Sunday, 12 January 2014

Danger: deep water

Flooding on the Oxfordshire Thames
Water can be dangerous. That much have we witnessed recently with the widespread flooding across the South East of the UK.

It's something to bear in mind as the Church this weekend remembered the baptism of Christ, baptised in the Jordan into the mess of life, and death. 

John Pridmore, writing in The Word is Very Near You (2009) tells an anecdote about the Jordan river, suggesting Jesus' baptism was not such a fresh and cleansing experience as we like to offer today: 'I once had on display in my religious studies classroom a bottle of water which I had drawn from the Jordan. Soon the green and slimy liquid was spawning all manner of disgusting things. Clearly it was a health hazard and it had to be thrown away' (p. 34).

In contrast, Kierkegaard dismissed a tidy little Christening he attended, with these words: 'A silken priest, with an elegant gesture, sprinkles water three times on the dear little baby and dries his hands gracefully with the towel' (in Pridmore, p. 35).

Baptismal life is not graceful, it's not the icing on the cake for baby; it's like water - unpredictable and overwhelming.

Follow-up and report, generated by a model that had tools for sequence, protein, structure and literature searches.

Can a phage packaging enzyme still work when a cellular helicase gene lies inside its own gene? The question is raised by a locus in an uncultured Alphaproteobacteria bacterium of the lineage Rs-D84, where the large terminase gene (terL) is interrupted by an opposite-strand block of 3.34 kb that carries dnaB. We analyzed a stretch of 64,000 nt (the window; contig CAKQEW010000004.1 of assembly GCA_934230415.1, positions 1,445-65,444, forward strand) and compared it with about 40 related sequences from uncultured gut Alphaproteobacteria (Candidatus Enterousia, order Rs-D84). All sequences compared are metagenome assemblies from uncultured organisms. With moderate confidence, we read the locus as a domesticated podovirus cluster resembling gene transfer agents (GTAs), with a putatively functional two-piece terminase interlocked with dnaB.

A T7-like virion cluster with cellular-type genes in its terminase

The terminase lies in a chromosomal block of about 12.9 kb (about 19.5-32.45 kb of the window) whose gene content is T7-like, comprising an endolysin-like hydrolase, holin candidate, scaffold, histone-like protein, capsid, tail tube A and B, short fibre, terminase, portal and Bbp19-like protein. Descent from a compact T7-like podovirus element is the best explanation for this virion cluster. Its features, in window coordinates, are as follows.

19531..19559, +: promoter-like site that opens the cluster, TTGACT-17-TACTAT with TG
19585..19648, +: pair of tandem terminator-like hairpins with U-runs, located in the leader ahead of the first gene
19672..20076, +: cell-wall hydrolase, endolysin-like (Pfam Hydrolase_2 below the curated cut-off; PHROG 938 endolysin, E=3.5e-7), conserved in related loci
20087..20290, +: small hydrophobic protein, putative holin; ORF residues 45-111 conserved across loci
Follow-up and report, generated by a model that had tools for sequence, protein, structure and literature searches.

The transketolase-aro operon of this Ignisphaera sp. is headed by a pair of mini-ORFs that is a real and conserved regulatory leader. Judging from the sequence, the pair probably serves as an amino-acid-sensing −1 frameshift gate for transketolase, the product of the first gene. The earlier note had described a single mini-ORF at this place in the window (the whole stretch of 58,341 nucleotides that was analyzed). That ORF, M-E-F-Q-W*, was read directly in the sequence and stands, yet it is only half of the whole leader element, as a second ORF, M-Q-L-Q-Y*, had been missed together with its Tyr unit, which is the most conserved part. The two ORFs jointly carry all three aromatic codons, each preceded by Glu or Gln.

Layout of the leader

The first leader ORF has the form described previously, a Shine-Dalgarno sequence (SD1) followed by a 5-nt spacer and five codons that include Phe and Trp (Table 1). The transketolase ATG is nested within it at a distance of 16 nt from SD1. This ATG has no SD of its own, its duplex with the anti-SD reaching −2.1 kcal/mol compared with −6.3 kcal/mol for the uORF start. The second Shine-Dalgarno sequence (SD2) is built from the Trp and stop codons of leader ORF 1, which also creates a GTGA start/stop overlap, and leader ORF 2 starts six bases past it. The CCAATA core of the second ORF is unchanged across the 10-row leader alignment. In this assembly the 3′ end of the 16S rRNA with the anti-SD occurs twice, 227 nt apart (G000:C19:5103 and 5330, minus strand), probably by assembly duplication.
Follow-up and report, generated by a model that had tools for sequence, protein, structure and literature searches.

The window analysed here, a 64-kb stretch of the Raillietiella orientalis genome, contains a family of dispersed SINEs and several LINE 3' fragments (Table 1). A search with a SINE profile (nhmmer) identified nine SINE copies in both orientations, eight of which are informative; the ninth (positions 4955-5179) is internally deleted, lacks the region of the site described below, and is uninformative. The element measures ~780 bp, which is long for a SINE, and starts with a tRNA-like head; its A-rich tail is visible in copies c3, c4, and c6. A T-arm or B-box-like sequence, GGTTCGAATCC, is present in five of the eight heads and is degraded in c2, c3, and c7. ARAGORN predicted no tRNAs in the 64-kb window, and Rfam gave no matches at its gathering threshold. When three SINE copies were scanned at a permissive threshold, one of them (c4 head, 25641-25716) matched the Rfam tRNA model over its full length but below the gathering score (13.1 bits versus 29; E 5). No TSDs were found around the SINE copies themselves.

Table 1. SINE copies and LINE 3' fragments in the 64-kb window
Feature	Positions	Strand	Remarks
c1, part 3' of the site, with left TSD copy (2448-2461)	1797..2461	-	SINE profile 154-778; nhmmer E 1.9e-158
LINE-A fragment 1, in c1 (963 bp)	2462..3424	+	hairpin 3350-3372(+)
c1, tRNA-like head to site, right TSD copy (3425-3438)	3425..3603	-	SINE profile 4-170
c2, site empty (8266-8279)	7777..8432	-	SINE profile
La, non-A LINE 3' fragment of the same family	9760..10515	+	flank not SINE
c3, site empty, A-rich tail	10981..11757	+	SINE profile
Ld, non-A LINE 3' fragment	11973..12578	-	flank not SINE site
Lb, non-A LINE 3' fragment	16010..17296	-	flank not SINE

It's a strange fact of life on this planet that we cannot do without the very thing that in times of flood, claims so many lives: Philip Larkin said of water that it would be the main element if he were to design a new religion:

'If I were called in
To construct a religion
I should make use of water.

Going to church 
Would entail and fording
To dry; different clothes;

My liturgy would employ
Images of sousing,
A furious devout drench,

And I should raise in the east
A glass of water
Where any-angled light
Would congregate endlessly.'

Water: unpredictable and overwhelming. But then again it can let the light through.

Much of Church life is controlled - we are unsure of unpredictability and we fear being overwhelmed (especially us recovering control freaks). 

As with the prophet Ezekiel's vision of the river flowing through the city of God, we must be prepared for the shallows to become deeper and deeper till we're wading up to our chest. Only then will Epiphany happen - a true revelation of the divine in everyday life.

1 comment:

  1. When we baptise people at our church, the children like to crowd round the end of the baptistery at the 'head' end, so that when the person being baptised goes under they get hit by the splash. I'm sure there's some deep symbolism in there somewhere!